It's conventional wisdom that the post-industrial workforce doesn't want to be unionized. But survey data show that workers' desire to join unions has been growing since the 1980s, and a majority of nonunion workers would now vote for union representation if given the opportunity. So if workers want unions, why is unionization falling?
Commentators have also blamed the decline on everything from globalization to technological advances to the hollowing-out of American manufacturing. But those factors are only part of the story.
Canada's experience offers another answer. Canada has gone through many of the same economic and social changes as the U.S. since the middle of the 20th century, yet it hasn't seen the same precipitous decline in unionization. The unionization rate in the U.S. and Canada followed fairly similar paths from 1920 to the mid-1960s, at which point they began to diverge drastically.
Differences in labor law and public policy are at the root of this disparity...
At the current pace of redistribution, it won't be long before we realize the dystopian vision of H.G. Wells' The Time Machine, comprising a celestial dwelling Eloi, who live in elegant futuristic dwellings and do no work, and a cave-dwelling group of Morlocks, who live in darkness underground, operating the machinery and industry that makes the Eloi's paradise possible.
Although many seek to justify this growing income inequality on the fact that the "1 percenters" are the entrepreneurs, the dynamic risk-takers, who create the employment for the rest of us, the truth is rather more prosaic. The real job creators are the bottom 90 percent, including those right at the bottom rung who would benefit from a minimum wage — consumers, those who spend nearly all of their income on real goods and services and hoard very little of it. And truth be told, without spending there are no sales; without sales there are no profits; without profits there is no demand for workers; without demand for workers there is no job creation; and without job creation there is no recovery!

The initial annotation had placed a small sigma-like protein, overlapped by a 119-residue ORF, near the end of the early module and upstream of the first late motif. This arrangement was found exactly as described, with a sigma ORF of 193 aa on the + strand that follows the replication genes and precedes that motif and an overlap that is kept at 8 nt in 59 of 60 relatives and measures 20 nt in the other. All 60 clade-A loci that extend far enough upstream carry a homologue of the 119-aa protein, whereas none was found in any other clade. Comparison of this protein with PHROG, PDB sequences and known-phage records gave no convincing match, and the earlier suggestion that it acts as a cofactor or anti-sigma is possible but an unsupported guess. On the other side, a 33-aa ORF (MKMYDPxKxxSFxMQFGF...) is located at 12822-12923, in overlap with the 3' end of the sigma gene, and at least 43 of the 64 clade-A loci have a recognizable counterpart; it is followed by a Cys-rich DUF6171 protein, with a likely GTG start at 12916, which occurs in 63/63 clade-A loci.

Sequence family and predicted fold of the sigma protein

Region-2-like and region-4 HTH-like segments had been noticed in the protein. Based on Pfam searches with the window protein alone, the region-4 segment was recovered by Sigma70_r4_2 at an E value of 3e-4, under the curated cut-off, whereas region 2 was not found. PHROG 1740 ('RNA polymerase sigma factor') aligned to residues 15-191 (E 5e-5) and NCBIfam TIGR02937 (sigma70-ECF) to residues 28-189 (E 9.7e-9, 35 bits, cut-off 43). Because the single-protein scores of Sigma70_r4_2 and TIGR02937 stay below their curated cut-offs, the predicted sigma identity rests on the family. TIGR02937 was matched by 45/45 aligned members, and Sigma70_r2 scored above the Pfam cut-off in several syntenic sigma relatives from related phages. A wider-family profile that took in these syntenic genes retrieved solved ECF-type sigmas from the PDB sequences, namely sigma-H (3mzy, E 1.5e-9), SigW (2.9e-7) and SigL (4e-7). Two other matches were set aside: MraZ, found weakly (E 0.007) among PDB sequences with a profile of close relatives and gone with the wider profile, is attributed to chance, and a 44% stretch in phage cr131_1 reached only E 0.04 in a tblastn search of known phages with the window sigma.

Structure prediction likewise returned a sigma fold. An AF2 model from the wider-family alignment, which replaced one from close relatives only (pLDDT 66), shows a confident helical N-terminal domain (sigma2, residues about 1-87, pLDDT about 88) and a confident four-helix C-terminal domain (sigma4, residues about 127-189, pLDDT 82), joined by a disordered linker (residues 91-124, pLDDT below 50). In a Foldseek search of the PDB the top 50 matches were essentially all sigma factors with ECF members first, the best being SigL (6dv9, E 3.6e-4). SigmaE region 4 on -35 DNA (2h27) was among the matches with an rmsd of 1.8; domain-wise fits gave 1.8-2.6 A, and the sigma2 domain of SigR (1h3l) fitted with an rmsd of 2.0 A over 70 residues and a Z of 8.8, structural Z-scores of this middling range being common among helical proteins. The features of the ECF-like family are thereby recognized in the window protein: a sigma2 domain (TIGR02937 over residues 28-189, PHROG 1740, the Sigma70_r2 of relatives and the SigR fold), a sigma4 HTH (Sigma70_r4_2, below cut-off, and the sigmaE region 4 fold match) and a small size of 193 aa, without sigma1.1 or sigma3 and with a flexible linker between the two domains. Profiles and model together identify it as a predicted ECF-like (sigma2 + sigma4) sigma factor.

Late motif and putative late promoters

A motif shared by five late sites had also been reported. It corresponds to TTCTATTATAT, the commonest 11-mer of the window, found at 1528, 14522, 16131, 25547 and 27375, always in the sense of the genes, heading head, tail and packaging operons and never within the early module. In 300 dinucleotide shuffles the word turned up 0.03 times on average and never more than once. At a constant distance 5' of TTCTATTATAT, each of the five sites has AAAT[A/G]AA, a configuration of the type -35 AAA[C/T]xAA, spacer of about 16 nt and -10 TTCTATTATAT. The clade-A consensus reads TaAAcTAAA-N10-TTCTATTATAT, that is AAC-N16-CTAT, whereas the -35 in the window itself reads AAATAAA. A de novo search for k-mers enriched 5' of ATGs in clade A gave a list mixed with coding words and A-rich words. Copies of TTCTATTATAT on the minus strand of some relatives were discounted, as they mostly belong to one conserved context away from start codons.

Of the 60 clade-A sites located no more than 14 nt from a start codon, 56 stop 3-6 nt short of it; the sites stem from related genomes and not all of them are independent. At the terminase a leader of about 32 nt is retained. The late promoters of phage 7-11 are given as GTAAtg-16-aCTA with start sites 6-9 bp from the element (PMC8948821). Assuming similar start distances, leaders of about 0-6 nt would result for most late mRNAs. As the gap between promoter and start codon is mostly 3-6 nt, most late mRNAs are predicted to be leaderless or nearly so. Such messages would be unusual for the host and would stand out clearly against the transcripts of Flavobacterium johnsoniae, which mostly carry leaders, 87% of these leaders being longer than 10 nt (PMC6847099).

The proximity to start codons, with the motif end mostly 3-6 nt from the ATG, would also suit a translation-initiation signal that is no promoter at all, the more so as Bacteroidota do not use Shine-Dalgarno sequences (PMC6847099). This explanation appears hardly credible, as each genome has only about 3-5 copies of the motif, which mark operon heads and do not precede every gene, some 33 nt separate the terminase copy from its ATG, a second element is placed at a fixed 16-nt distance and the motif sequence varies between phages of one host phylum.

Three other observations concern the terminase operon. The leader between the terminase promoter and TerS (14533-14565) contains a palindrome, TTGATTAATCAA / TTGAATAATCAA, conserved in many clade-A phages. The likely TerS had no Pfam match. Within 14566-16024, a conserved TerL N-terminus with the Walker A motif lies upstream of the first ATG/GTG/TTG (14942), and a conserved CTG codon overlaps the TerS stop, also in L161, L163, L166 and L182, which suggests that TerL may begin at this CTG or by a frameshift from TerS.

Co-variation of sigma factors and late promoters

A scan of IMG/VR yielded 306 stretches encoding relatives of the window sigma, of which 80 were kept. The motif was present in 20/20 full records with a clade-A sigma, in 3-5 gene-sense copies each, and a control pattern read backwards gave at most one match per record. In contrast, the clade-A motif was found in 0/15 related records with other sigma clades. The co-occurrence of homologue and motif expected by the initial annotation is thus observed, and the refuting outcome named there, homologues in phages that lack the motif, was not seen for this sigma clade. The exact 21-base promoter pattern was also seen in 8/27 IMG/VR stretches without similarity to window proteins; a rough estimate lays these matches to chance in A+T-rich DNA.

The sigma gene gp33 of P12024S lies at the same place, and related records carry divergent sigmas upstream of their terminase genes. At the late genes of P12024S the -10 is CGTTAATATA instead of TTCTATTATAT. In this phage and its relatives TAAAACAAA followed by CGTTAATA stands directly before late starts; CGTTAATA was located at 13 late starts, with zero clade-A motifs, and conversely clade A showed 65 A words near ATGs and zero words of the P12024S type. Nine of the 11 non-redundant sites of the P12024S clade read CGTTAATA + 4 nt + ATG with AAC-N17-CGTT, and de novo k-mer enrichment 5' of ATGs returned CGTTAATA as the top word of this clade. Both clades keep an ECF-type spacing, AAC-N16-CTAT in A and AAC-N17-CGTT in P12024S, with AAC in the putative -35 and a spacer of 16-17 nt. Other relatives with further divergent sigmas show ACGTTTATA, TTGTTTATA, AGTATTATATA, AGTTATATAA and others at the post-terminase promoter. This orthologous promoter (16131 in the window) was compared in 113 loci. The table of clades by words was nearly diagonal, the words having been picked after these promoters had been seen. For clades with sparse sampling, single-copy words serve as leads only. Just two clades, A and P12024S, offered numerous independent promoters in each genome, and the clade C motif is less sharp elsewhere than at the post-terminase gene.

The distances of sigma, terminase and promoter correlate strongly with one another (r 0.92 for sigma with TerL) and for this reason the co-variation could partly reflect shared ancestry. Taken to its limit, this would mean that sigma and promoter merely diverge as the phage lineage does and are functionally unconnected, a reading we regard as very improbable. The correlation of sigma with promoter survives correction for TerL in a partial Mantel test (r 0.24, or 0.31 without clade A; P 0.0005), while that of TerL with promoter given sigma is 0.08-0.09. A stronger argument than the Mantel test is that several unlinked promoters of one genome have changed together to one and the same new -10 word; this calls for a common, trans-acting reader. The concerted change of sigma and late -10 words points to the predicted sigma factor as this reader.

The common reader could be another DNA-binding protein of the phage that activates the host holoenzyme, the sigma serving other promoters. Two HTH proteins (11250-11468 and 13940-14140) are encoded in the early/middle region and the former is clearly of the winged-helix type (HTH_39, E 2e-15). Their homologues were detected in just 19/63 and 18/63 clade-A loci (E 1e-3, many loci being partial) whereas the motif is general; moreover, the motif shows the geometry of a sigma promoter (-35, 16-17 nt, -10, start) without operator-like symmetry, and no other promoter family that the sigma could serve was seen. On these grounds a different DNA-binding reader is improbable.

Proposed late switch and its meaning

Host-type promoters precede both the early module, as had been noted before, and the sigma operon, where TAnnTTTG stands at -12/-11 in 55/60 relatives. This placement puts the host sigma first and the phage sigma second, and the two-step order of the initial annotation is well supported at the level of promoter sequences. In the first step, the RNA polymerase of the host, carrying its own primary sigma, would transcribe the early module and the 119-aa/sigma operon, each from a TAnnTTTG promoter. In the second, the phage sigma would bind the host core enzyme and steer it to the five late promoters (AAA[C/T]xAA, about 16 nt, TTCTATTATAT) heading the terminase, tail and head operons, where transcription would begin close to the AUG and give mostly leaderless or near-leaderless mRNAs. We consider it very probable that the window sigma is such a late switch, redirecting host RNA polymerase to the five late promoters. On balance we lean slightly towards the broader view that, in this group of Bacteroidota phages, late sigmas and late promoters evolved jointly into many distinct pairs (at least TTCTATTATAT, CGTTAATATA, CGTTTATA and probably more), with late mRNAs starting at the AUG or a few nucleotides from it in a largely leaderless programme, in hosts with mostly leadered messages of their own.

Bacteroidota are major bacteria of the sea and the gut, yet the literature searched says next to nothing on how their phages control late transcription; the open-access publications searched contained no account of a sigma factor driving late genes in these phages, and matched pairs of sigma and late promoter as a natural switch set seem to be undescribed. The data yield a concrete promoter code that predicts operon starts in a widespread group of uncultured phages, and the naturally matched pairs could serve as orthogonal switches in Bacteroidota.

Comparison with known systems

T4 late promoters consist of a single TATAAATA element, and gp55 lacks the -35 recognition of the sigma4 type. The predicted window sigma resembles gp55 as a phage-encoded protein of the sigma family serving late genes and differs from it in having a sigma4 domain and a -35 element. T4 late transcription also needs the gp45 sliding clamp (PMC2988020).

A minimum wage is but a small minnow in an ocean of deficient aggregate demand — that fancy term economists use to describe society's collective spending power. The response against the minimum wage invariably starts with the proposition that unemployment is a "supply side" problem and that raising the minimum wage somehow creates additional supply side barriers which impedes the ability of the one percenters to hire more workers. That allows them to define neat equilibrium solutions which lead them to tell our policy-makers in Congress that wage cuts and pernicious welfare-to-work remedies are required to cure mass unemployment.
This myth allows them to make the leap — if unemployment is a "supply side" problem then increasing the minimum wage will not help, especially given (so goes the story) that most of them are scroungers sucking at the teat of big government via food stamps and welfare. Yes, it is true that lower-income people receive food stamps and the like, but that's because the legal minimum wage is far too low to feed a family even if the bread-winner works full time.
Just whose fault is that? Well, mostly conservatives who block minimum wage hikes. The fantasy is also extended to suggest that a modest provision of unemployment benefits allegedly increases the attractiveness of leisure, which allows these "scroungers" to relax on the beach, or sit on their couches drinking beer and watching TV all day courtesy of the hard-working people at the top.
The truth is far more prosaic. Most people would love to escape from the underclass of wages that currently fails to offer people a living wage, and leaves these people struggling to avoid unemployment, loss of community, and a collapse in self-esteem.
When the wealthiest of our society screw up royally — for example, by causing a global financial crisis — we think nothing of spending trillions of dollars to safeguard their privileges and standard of living. By contrast, we have done next to nothing for ordinary, hard-working people for decades, essentially leaving the minimum wage unchained, or unattached to increases in the cost of living.
Interestingly, if the supply side fantasists were correct, leaving minimum wage low is supposed to bring on a splurge of additional hiring by allowing employers to get away with slave wages. But, reality doesn't work that way. What happens in the real world is that low-wage workers go down to the shops and see that everything is more expensive. They are worse off than before, because the real wage has fallen, and therefore they consume less, which adds to our deficient demand problem. The economy gets worse.
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